Program eeprom from romeditor?

Hondata model coverage & ECU application questions.
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justin
Posts: 30
Joined: Wed Sep 18, 2002 10:43 pm
Location: CO

Program eeprom from romeditor?

Post by justin »

I just have a question regarding this new feature in the s200:
"Under Windows NT, 2000 and XP it is now possible to burn the Atmel
29C256 EEPROM from within ROM Editor.? Select 'Burn EPROM' from the
file menu. A very convenient feature which will save you lots of time."

This still requires the pocket programmer to actually burn the chip right? I mean you cannot burn the chip while it's in the ecu with romeditor, is that correct? What software "burned" the chip before the emulator? Sorry for my lack of Hondata knowledge, just trying to straighten some things out in my head :)

Justin

Carchitect
Posts: 82
Joined: Thu Sep 19, 2002 11:14 pm
Location: Dallas/Ft.Worth

Post by Carchitect »

The pocket programmer is made by Xtronics. Until the new software V3.0 you had to save the file, and switch programs to the pocket programmer's software (DOS based) and write the chip. You could still emmulate (run the car via a laptop) but couldn't write the chip in ROM editor until now.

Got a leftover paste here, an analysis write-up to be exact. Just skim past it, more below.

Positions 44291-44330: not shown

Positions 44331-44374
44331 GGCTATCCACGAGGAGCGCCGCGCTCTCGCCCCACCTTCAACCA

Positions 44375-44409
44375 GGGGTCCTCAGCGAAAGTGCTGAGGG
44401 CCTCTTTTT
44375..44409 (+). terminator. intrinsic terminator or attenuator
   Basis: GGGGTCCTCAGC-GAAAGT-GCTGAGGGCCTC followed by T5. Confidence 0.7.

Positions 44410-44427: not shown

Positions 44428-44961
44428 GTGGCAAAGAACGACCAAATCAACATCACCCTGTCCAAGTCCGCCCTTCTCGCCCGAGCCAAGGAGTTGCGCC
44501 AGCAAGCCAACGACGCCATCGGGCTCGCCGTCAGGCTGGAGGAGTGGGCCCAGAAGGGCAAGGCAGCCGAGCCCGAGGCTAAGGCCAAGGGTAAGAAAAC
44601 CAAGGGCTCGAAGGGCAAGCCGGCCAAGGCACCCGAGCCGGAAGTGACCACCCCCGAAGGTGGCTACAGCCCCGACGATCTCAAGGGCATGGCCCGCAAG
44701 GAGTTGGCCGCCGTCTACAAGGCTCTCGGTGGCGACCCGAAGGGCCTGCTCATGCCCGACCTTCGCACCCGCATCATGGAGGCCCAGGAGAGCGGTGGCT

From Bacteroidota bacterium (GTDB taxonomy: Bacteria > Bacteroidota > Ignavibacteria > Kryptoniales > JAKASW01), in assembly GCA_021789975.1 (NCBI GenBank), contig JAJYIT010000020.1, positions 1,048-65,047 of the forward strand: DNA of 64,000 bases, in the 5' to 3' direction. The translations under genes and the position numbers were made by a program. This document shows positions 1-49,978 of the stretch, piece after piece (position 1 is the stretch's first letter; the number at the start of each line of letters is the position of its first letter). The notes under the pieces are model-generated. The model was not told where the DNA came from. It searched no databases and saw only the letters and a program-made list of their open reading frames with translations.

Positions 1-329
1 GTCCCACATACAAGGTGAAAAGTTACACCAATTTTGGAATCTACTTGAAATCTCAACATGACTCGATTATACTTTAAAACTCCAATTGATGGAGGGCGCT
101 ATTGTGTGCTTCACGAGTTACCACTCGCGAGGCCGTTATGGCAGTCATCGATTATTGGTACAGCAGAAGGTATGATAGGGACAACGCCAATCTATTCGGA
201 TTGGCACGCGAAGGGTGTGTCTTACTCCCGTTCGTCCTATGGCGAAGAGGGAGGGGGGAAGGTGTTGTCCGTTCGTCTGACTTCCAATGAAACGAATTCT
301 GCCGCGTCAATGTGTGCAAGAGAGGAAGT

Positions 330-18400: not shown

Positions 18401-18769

There are three basic kinds of chips 27C256 which is a one time burn only chip. Also called PROM (Programmable Read Only Memory). The second is also called a 27C256 but will have a small window to erase the chip this is called a EPROM (Erasable PROM ). This kind of chip needs to use a UV light of the correct frequency and a shielded box and a lot of time to erase the chip. The Third is a 29C256 which is a EEPROM (Electrically Erasable PROM). These can be burned over and over.

The First chip and the last are available thru ATMEL. Which is a quality silicone chip supplier. They hold very high quality standards. The PROM is about 5 bucks each. The EPROM, which I'm not so sure if its available thru ATMEL is about the same. The EEPROM is about 25 bucks but doesn't require any down time to erase it in a seperate enclosure. Its well worth the money since tuning in the future becomes easier.

The 27C256 (both the PROM and the EPROM) use 12 volts to write the chip. The 29C256 uses 5 volts to write the chip.

I don't suggest to use the EPROM due to its light threshold being so critical. The EEPROM is a better chip by far.
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justin
Posts: 30
Joined: Wed Sep 18, 2002 10:43 pm
Location: CO

Post by justin »

Thanks for the info. That is very helpful!

Justin

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